The Water Institute's month of water lectures begins with a lecture by Professor John P. Smol, Paleoecological Environmental Assessment and Research Lab (PEARL) and Canada Research Chair in Environmental Change, Department of Biology, Queen's University.
Prof. Smol's lecture is entitled, "Exploring the past to protect our future: Using lake sediments to study water quality issues."
This lecture will be available via webcast.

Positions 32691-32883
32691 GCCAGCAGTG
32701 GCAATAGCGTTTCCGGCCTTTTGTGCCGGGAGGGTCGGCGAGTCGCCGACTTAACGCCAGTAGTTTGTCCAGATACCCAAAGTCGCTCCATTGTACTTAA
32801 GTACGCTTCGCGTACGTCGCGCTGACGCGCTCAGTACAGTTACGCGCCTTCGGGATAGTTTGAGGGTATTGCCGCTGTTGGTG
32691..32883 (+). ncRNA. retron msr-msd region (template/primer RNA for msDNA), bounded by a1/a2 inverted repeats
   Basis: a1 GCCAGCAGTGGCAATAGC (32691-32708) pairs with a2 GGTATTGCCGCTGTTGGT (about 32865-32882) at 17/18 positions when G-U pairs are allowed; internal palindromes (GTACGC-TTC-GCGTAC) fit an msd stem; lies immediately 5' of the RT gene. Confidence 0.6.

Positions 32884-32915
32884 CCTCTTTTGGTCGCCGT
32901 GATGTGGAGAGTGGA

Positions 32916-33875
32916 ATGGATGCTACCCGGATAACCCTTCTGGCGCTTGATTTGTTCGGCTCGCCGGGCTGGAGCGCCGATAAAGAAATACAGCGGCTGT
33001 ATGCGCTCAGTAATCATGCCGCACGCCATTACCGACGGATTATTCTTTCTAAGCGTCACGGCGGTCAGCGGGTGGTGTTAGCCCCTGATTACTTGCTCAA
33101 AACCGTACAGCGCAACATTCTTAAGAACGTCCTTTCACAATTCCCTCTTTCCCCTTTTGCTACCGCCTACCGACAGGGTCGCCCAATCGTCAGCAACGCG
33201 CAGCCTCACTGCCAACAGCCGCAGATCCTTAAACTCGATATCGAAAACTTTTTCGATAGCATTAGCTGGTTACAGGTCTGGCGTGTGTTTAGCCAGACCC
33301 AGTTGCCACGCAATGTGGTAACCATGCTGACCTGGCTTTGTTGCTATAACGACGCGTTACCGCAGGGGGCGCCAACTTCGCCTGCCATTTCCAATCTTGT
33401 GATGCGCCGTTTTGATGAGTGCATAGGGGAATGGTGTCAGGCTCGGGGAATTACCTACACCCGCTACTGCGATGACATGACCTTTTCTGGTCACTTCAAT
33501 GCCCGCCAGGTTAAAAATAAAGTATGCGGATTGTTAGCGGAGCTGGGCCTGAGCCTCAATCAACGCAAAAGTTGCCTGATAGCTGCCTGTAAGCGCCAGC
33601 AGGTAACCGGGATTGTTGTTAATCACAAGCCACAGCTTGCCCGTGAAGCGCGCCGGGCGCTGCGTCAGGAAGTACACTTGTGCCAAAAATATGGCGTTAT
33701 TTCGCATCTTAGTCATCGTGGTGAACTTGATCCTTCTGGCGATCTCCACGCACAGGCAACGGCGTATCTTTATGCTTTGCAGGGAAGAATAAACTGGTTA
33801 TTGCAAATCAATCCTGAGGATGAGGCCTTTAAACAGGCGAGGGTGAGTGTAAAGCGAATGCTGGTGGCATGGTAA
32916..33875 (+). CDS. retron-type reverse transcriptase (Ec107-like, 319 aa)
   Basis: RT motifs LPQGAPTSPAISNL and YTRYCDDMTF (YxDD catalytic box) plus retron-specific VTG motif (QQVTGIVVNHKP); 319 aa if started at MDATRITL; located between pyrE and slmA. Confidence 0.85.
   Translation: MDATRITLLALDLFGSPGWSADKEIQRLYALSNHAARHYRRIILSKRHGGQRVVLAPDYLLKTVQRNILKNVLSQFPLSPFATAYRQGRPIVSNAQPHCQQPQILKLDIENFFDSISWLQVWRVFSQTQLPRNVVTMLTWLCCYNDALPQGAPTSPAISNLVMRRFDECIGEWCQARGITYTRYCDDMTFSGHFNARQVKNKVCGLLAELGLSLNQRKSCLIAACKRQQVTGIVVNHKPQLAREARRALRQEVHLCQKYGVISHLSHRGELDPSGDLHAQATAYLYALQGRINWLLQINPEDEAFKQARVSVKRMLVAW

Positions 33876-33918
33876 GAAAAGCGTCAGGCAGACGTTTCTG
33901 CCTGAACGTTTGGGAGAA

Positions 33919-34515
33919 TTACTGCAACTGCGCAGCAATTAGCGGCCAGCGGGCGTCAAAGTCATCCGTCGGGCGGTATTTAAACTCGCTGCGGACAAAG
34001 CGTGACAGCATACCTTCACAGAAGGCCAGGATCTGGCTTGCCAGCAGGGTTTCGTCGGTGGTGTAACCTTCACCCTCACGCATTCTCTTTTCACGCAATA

One of the greatest challenges faced by ecologists, water quality managers, and other environmental scientists is using appropriate time scales. Due to the general lack of reliable long-term monitoring data, it is often difficult to determine the nature and timing of ecosystem changes. In lieu of direct monitoring data, paleolimnologists have developed a variety of approaches to track past changes in aquatic ecosystems using proxy data archived in lake and river sediments. This presentation summarizes a few recent examples that have studied the effects of human impacts on lake ecosystems. The problems of contaminant transport, using the Alberta oil sands region as one example, will be highlighted, as will be the challenges that lake managers must face when dealing with multiple stressors.
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